In this regard, some of the most enjoyable parts of the entire saga can be found in two short story collections: The Last Wish and Sword Of Destiny. These books do the bulk of world-building before the novels begin. They are made up of some of the oldest stories in the series, which showcase the sources Sapkowski taps into. The biggest of these are mythical creatures from European folk and fairy stories—like unicorns, strygas, bruxas, dryads—and the great thing Sapkowski does is to integrate them into the world of The Witcher. In fact, not only does he integrate them, he also gives them political agency. This is then carried through to its logical conclusion. If dwarves, halflings, elves and others have agency, in a world dominated by men, they would contest for rights and livelihood. This would in turn lead to racist, majoritarian impulses among the humans.

This is where The Witcher’s brilliance lies. All the wars and magic and political machinations, although fascinating and transporting in their own way, exist to help tell a story of ethical, self-abnegating heroism in the face of humanity’s worst impulses. In a way, the monsters that Geralt hunts reside in the human heart.

It’s interesting to note that just as in Asoiaf, The Witcher’s great looming catastrophe is a climate crisis. In the books, one of the main prophecies that Geralt and his magical ward, the young princess Ciri, seek to overturn is one where the creeping ice from the poles grinds out over the rest of the continent and ends all life once and for all.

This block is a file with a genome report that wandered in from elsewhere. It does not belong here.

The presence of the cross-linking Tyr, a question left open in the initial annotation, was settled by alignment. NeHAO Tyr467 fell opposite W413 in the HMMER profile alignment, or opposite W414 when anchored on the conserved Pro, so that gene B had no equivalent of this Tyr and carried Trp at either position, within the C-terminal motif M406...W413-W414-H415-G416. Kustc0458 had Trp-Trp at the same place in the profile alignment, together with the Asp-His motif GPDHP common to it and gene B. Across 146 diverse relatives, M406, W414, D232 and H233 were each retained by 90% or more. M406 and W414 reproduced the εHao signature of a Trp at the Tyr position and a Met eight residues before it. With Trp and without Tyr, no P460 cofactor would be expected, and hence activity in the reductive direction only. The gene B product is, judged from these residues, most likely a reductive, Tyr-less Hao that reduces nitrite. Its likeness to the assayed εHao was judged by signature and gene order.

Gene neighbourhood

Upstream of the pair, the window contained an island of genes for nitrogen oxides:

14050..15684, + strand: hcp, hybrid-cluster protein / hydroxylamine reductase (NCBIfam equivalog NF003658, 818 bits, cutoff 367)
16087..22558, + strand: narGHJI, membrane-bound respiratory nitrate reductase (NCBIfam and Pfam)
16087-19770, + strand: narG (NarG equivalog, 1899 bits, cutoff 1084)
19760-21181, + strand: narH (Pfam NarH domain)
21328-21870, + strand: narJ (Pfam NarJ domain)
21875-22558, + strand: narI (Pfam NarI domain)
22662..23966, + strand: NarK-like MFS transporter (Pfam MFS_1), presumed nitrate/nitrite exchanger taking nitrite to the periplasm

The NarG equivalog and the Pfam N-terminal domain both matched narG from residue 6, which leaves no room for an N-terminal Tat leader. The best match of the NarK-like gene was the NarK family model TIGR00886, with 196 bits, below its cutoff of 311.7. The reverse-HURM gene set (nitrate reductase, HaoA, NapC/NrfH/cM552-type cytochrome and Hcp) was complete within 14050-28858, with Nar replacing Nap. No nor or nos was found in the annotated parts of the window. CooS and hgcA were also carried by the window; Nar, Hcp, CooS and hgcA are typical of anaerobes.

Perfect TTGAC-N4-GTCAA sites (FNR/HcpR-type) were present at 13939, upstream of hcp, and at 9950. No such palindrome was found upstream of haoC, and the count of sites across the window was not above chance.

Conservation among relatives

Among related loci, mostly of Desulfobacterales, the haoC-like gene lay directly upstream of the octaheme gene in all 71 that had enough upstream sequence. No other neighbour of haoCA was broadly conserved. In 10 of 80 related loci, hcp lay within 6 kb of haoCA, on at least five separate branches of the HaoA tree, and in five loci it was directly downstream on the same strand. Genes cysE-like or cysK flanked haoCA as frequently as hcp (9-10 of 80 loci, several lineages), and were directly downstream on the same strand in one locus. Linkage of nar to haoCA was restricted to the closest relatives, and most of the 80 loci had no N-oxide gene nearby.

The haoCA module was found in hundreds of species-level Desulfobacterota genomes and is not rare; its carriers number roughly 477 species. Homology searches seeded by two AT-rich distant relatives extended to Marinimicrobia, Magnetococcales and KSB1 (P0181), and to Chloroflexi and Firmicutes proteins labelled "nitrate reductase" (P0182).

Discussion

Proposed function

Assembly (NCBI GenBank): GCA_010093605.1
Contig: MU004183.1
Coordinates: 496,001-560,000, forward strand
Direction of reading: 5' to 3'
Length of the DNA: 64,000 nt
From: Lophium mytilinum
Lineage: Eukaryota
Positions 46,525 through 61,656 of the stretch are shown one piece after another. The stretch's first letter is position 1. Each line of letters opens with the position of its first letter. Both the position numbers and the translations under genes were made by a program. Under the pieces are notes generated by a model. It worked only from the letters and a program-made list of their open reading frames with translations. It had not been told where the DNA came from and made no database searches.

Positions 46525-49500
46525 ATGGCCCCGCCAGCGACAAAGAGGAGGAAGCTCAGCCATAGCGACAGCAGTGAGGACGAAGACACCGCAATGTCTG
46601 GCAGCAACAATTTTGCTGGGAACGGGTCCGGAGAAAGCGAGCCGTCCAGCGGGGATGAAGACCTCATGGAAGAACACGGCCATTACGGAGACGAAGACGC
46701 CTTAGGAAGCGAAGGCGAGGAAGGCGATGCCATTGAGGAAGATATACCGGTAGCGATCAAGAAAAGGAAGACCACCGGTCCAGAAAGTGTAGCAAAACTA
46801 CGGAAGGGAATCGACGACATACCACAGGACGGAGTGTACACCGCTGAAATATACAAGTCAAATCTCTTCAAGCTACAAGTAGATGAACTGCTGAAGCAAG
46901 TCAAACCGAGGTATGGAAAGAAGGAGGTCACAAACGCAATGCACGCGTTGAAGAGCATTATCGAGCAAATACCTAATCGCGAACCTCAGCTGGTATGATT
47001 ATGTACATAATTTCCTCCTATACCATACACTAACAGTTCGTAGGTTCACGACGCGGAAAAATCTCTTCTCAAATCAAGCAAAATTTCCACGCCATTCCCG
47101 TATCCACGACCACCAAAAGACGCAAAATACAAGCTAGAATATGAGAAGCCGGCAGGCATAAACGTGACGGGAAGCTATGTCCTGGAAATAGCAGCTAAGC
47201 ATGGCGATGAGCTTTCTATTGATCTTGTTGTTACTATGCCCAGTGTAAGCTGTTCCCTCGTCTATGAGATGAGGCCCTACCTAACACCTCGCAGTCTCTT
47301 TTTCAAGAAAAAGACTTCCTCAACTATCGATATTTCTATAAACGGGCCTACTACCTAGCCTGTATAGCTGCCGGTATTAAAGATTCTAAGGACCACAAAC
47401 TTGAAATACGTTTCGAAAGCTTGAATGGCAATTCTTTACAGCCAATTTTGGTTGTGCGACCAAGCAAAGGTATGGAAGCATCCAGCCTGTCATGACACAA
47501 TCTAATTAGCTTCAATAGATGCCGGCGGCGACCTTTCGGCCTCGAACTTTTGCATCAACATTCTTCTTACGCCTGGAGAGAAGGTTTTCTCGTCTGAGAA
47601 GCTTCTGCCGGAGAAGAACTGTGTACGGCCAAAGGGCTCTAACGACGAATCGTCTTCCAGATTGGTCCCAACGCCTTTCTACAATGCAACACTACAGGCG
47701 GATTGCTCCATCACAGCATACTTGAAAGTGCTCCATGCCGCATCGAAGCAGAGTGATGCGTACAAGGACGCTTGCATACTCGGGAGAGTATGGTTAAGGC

The Witcher contains such visual delights that I, for one, can’t wait to see what Netflix does with the adaptation. Sapkowski’s is a richly-imagined world which rewards close readings. I feel thrilled just thinking about the spectral Wild Hunt, or Ciri’s journeys through space and time, the totalitarian empire of Nilfgaard or the magical forest of Brokilon. However the show turns out, the books will remain, and for that we should give thanks.


A SONG OF ICE AND FIRE (1995-) by George R.R. Martin

Like all writers of fantasy, Martin is indebted to J.R.R. Tolkien, but in the books that birthed the Game Of Thrones, he rejects the good versus evil duality of Tolkien’s works to show us that evil lurks in every human heart, and that heroes can be stupid people who get others killed.

THE EARTHSEA CYCLE (1968-2001) by Ursula K. Le Guin

Le Guin is the original anti-Tolkien, not because she hated the venerable master, but because she brought an anthropological insight into the fantasy world of Earthsea: a planet that’s an archipelago, where people are people, not heroes and villains.

GRUNTS! (1992) by Mary Gentle

An outrageous work of satire, in Grunts! Gentle reimagines the orcs that are the faceless footsoldiers of evil in many a high fantasy story, including Lord Of The Ring. Facing defeat in an “ultimate" fight between the forces of good and evil, a group of orcs decides to cooperate and fight their bleak fate.

MEMORY, SORROW AND THORN TRILOGY (1988-93) by Tad Williams

This series is considered one of the best examples of an adult take on the tropes of epic fantasy. What if your heroes age, become infirm, and are unable to rally people in the face of danger? Martin was so impressed that he felt inspired to write a fantasy series of his own (Asoiaf).